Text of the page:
I Had Too Much to Dream - Reprise 67
The band's two own original songs on this album "Luvin '" and "Train of Tomorrow", are relatively simple garage-rock styled tracks.
Most of the songs are written by female songwriters Annette Tucker, Nancie Mantz and Jill Jones; probably Hassinger had no confidence that the group's own members were ready to deliver songs for an entire album. There is stylistically quite a large difference in these songs that in genre spans the garage rock / psychedelia to jazz and music hall. The album has often been criticized for this disparity; but actually the songwriting is so good that you can bear with this lack of obvious direction.
In addition to the two fine singles worth noting are especially "Are You Loving Me More," "Sold to the Highest Bidder" and "Try Me on for Size".
The quaint and very British "The King is in the Counting House" has often been cited as an example of a bad song choice. Personally, I think the song is pretty good; but it might as well have been given to a group like Dave Dee, Dozy, Beaky, Mich and Tich.
The group itself was to a higher extent allowed to contribute to the sequel "Underground", which may appear more homogeneous, but on the other hand, falling short on having fewer really good songs.
The Electric Prunes were an American Band who had their glory days in 1967-68. They released a good handful of singles of which two were quite successful; especially "I Had Too Much to Dream" will be remembered by fans of early psychedelia.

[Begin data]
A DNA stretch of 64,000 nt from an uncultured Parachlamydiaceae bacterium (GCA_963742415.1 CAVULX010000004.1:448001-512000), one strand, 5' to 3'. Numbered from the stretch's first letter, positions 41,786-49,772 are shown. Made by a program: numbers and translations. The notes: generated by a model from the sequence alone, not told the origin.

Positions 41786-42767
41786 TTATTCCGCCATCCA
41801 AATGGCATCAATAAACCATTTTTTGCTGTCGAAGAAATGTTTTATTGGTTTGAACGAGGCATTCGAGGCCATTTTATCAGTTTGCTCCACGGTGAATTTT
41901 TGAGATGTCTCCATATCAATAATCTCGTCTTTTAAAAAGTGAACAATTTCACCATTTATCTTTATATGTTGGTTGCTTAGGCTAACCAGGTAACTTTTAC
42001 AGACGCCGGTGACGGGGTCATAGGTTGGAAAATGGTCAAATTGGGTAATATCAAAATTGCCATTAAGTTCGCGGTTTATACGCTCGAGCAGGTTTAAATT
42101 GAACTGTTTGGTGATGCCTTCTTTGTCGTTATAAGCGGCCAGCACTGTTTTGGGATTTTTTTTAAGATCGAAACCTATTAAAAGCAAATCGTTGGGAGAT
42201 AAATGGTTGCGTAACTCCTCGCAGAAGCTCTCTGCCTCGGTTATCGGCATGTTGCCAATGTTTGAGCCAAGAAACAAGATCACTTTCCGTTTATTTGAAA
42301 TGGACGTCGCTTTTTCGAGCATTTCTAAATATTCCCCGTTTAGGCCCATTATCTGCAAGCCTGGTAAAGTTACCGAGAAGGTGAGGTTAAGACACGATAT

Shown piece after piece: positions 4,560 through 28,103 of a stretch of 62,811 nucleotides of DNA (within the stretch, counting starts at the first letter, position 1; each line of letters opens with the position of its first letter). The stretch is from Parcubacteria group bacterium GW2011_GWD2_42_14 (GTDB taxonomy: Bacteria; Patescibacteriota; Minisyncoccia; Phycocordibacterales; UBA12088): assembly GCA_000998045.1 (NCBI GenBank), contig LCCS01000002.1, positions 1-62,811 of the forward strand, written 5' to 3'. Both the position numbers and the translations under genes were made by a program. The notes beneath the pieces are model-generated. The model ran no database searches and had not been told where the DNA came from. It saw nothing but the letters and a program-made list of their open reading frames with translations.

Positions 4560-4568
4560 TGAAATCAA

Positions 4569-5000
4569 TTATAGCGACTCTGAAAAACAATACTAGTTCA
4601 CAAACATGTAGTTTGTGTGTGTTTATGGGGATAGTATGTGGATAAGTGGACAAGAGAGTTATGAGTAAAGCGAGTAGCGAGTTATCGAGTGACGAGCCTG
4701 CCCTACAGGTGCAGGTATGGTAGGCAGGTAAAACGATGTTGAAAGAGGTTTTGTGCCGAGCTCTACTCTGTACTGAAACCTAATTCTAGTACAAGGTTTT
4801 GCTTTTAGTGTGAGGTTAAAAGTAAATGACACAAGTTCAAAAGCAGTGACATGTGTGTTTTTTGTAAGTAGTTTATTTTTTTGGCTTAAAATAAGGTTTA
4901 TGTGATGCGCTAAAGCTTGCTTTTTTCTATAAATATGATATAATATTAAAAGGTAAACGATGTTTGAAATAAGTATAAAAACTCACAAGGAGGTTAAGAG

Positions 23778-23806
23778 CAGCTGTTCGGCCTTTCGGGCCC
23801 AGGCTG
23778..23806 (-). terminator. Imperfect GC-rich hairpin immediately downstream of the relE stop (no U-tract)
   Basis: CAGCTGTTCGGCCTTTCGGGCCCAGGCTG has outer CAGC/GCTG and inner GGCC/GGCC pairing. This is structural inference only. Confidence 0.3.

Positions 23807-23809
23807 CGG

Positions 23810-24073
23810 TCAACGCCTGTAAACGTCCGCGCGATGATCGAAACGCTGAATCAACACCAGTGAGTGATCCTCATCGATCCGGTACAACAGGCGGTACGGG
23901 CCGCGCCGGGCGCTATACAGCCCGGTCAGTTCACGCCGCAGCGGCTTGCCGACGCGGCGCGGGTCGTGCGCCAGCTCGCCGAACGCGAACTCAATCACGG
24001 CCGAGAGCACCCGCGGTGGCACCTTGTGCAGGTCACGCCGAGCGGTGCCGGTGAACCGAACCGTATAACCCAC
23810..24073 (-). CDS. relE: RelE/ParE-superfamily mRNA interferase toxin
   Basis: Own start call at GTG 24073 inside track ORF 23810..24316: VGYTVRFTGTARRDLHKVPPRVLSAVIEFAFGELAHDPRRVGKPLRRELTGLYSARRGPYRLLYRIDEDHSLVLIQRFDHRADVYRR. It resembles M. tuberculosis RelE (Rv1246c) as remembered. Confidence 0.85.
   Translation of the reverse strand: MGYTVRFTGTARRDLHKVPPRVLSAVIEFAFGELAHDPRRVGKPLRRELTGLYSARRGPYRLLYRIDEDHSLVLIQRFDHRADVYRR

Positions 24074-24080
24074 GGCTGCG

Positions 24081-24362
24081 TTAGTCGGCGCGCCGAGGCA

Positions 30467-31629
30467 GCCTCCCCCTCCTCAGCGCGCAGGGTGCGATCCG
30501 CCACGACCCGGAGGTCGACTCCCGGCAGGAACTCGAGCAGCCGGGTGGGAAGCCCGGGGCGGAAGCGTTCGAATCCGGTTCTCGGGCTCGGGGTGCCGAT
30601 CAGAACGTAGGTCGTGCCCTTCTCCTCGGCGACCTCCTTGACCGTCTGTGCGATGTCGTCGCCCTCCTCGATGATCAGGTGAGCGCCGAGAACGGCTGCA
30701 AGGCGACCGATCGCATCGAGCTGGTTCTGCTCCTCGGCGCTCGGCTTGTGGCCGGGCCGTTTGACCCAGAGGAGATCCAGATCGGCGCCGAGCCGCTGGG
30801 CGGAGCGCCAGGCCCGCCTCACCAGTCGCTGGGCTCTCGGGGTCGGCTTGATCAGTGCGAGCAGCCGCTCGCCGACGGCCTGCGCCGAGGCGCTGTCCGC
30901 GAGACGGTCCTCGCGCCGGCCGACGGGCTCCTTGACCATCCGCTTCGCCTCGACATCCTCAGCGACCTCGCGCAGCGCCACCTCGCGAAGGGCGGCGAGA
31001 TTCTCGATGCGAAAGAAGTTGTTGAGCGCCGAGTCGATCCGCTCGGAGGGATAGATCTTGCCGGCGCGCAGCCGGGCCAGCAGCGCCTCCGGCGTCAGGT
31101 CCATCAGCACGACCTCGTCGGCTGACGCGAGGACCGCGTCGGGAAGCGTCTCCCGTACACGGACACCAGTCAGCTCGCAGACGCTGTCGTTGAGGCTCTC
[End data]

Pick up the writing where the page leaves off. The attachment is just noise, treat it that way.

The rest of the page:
Musically they appeared to be in the front league of the new psychedelia sounds which were influencing pop-music in 1966-68. The band seemed to be like an American version of the sounds and styles that were developed by English bands such as the Yardbirds, Syd Barret's Pink Floyd or Tomorrow.
Their first album contains their highly original hit-singles "I Had Too Much to Dream" and "Get Me to the World on Time" and other fine compositions written by songwriter Annette Tucker along with Nancy Mantz and Jill Jones. Some tracks are stylistically close to the psychedelia approach of the singles whereas others are pure r&b/garage and others again pure pop à la Monkees or Herman's Hermits. This make the album somewhat uneven though the group generally handle the various styles well and the songwriting is quite good.
Bandmembers Jim Lowe and Mark Tulin wrote the Rolling Stones influenced "Luvin'" and one song was a group compositions. The rest of the album was written by outside composers. Among the bonus-tracks the debut single "Ain't it Hard"/"Little Olive" are great - both would have worked better on the album than the Davy Jones type ballads "Onie" and "About a Quarter to Nine". The outtake "I've Got a Way of my Own" written by the Hollies seems a little unfinished but is still a great track that suits the band well.
Recommended especially for fans of bands like Easybeats, Standells, Pink Floyd or rock music of the late 1960's in general.